Russia To Complete Infrastructure For Poseidon-Capable Nuclear Submarine Fleet By 2024

Tyler Durden's Photo
by Tyler Durden
Monday, Mar 27, 2023 - 06:00 PM

Russia's TASS news agency reported this week that, according to the Russian Defense Ministry, infrastructure development plans for updated Pacific fleet nuclear submarine operations are set to be completed in early 2024.  Pacific operations, once considered a long neglected element of Russia's navy, have been undergoing a revamp since 2015 under orders from the Kremlin.  The completion of base improvements coincides with the reported deployment of Russia's new Poseidon super torpedoes, which were also commissioned in 2015.

Though TASS is often accused of acting as a propaganda platform for the Russian government, developments on the Poseidon torpedo are confirmed by multiple sources including the US Department of Defense and Congress.

The first delivery of Poseidon torpedoes was officially announced in January of 2023, and dummy rounds were tested in the arctic around the same time period.  The weapons, which some sources refer to as “terrifying Apocalypse torpedoes” are 65ft long, though estimates greatly vary on the nuclear yield of the weapons.  Some experts argue the Poseidon could carry a 2 megaton warhead, others argue that it is capable of carrying up to a 100 megaton yield.  A 2 megaton warhead would be 100 times the explosive power of the bombs dropped on Hiroshima and Nagasaki in WWII.


But what makes the Poseidon more dangerous than the average nuke?  Data on the device is limited, but the torpedoes are suspected to be a mixture of missile and drone technology.  They carry a nuclear powered propulsion engine and can travel 80 miles per hour underwater (making countermeasures difficult).  To give a sense of the speed, the average US nuclear submarine travels around 30 miles per hour (complete details are top secret), and the average US sub torpedo travels at around 57 miles per hour.  In other words, catching and killing a Poseidon torpedo would be almost impossible.  

The Poseidon system functions essentially as a fast roaming autonomous underwater nuke which can stalk an enemy coast for long distances until it is ordered to strike a particular target.


The Poseidon is not considered a first-strike weapon because of its design, but is instead meant to act as a post-attack trump card.  Meaning, even if a large number of Russian nuclear launch facilities were destroyed in a first strike, and even if Russian subs were countered, Russia would still have the Poseidon torpedoes traveling under the oceans waiting to hit targets in an evolving battle-space, acting independently of their submarine fleet.  By extension, if US or European defenses improved to intercept standard ICBMs, the Poseidon would still be able to deliver nuclear payloads to coastal targets.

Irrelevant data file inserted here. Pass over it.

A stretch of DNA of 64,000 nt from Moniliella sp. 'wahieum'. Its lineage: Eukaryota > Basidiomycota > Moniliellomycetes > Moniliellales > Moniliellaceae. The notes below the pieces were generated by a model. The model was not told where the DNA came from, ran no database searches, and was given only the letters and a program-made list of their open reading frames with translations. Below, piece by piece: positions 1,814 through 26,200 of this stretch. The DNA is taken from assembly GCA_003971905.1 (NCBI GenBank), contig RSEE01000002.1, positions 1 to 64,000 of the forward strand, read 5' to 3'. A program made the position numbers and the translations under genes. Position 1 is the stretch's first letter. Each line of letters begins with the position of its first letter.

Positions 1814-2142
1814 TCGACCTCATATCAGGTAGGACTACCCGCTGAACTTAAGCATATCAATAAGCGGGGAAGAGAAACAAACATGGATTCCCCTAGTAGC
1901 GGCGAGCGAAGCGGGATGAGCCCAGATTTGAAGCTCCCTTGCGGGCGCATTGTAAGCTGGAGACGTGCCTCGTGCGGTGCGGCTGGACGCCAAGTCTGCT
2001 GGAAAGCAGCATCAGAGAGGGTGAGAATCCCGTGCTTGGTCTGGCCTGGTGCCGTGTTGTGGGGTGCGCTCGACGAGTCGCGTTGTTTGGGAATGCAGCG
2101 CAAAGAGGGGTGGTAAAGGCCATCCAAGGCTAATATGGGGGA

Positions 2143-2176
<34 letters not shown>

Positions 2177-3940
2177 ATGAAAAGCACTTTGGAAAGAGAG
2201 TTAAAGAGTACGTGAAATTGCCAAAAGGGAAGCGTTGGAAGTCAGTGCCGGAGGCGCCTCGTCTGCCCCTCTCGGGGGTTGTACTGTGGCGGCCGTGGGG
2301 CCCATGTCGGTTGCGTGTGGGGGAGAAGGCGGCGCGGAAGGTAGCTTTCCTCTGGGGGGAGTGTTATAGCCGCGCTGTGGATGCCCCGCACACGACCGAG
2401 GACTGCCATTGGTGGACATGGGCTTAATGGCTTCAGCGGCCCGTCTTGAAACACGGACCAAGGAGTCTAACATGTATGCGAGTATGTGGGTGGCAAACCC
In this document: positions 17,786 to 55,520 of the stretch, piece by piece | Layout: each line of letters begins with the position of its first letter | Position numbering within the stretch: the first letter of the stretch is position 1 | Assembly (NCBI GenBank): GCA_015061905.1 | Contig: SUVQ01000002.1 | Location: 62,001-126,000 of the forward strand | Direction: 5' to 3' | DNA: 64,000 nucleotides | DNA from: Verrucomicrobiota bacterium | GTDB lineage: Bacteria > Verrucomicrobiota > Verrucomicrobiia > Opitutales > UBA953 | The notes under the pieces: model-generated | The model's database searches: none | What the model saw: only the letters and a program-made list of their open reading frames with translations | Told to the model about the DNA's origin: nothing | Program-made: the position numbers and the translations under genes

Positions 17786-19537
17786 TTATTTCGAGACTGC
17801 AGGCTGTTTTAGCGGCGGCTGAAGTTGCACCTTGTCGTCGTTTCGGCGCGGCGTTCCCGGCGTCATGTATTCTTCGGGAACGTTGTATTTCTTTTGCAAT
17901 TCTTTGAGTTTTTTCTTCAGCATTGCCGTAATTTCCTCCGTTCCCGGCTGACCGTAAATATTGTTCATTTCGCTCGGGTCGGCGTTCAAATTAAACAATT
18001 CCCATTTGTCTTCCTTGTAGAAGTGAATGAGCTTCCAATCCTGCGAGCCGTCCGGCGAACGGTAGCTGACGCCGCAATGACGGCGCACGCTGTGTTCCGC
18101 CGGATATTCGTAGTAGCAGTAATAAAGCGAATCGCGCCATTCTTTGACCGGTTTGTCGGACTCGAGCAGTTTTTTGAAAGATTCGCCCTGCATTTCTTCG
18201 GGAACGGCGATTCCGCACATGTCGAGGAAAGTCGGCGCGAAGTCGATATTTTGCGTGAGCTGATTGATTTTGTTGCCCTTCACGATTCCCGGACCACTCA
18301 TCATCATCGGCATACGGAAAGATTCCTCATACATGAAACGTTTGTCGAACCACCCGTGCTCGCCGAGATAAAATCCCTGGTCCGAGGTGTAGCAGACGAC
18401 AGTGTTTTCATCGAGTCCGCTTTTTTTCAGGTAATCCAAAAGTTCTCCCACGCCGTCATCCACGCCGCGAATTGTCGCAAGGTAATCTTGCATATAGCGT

That said, there is first strike potential for the weapons given their speed and the relative difficulty of defense against them.  They can be used, not as a direct strike system, but as an indirect system by exploding just off the coast of a target city, creating a 500 foot radioactive tidal wave.  They can also be used as a cavitation weapon that wipes out entire carrier battle-groups.    

US Defense Department estimates suggest that Russia is constructing or refitting at least four nuclear subs to carry the large torpedoes, and that at least 30 Poseidons are being built.  The latest news of the coming completion of infrastructure for Pacific bases suggests these preparations are almost finished.  

With the war in Ukraine continuing unabated and the country acting as a veritable proxy for NATO, the question of nuclear conflict between the West and Russia has been entertained often.  While it's unlikely that a nuclear exchange would benefit either side in any measurable way, the potential is ever present.  With Belarus apparently ready to establish Russian tactical nuke sites within their borders this year and Vladimir Zelensky admitting this week that Ukraine is “out of ammo”, one has to wonder how the conflict will escalate in the coming months.